The ‘path’ that our guide mentioned was not much of a path to begin with. It was simply a cluster of narrow, winding, dirt footways carved by years of treading shepherds and their cows.  Yet we carried on, silently falling in line behind one another in silence towards the Falls. As we grew closer to our goal, our guide led us to Cathedral Rock, a breathtaking geological formation rising from the ocean in stony defiance. It had been molded by wind and water into a pyramid shaped sculpture created by nature herself. And so with renewed anticipation, we carried on, our bodies heavy with exhaustion.

Following another hour of hiking and climbing, we had finally made it. The wind was becoming stronger and coming up fast and hard.  All I could hear was the whaling gusts blasting past my ears, drowning out my racing heartbeat as we crawled down the sheer side of the rocky cliff, and I was sure that I was going to be blown off trying to get to Waterfall Bluff.  Don’t look down, was all I could think.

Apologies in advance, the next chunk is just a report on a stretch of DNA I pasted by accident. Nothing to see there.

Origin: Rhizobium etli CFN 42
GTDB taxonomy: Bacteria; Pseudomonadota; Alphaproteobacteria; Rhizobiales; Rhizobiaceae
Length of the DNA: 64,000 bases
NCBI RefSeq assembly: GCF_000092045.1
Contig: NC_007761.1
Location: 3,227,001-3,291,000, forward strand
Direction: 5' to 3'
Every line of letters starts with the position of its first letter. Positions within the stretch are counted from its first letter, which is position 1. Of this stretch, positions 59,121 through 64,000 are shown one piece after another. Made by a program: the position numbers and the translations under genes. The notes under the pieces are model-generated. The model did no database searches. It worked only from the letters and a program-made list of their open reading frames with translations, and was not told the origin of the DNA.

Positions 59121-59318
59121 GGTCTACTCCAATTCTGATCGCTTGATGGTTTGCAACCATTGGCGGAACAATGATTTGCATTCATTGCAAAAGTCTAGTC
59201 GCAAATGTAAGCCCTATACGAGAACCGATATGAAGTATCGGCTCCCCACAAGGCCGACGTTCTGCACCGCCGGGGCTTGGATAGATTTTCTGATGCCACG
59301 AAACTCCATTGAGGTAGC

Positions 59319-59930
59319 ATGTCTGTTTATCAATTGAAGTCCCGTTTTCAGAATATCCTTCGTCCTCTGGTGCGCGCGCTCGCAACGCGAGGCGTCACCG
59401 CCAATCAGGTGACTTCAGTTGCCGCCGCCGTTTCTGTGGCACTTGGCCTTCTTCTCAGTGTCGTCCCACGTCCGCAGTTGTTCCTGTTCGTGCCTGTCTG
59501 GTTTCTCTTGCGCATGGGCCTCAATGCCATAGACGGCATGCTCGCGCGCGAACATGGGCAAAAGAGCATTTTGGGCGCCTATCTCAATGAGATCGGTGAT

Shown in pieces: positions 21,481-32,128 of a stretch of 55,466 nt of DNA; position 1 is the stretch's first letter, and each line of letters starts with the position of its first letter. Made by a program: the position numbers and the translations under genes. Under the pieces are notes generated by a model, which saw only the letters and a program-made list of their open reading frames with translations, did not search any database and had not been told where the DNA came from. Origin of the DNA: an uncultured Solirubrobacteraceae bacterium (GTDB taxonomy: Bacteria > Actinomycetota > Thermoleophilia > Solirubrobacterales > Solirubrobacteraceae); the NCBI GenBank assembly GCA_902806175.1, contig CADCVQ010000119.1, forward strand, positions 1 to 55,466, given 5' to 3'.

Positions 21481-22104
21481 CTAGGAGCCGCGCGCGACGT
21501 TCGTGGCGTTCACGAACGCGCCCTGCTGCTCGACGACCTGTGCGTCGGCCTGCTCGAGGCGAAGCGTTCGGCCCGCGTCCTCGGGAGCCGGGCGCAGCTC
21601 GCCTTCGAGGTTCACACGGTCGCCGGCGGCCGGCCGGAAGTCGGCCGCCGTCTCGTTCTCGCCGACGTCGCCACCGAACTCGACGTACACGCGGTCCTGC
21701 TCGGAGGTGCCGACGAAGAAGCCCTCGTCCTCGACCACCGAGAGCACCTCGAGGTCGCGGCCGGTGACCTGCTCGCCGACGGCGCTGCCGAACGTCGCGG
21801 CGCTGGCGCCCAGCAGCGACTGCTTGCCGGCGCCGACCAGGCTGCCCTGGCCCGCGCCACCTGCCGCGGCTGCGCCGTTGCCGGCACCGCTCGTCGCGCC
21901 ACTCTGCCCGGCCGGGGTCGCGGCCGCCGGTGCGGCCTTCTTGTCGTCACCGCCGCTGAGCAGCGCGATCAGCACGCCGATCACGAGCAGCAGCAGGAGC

Once we scaled down > the side of the jagged cliff (I pretty much clung on for dear life!), and ducked down past the final rocky hurdle, you can hear it; the crashing symphony of waves and the rising crescendo of water and rock! Then you turn the corner of the protruding ragged rock face jutting out and there it is, awaiting you, Waterfall Bluff.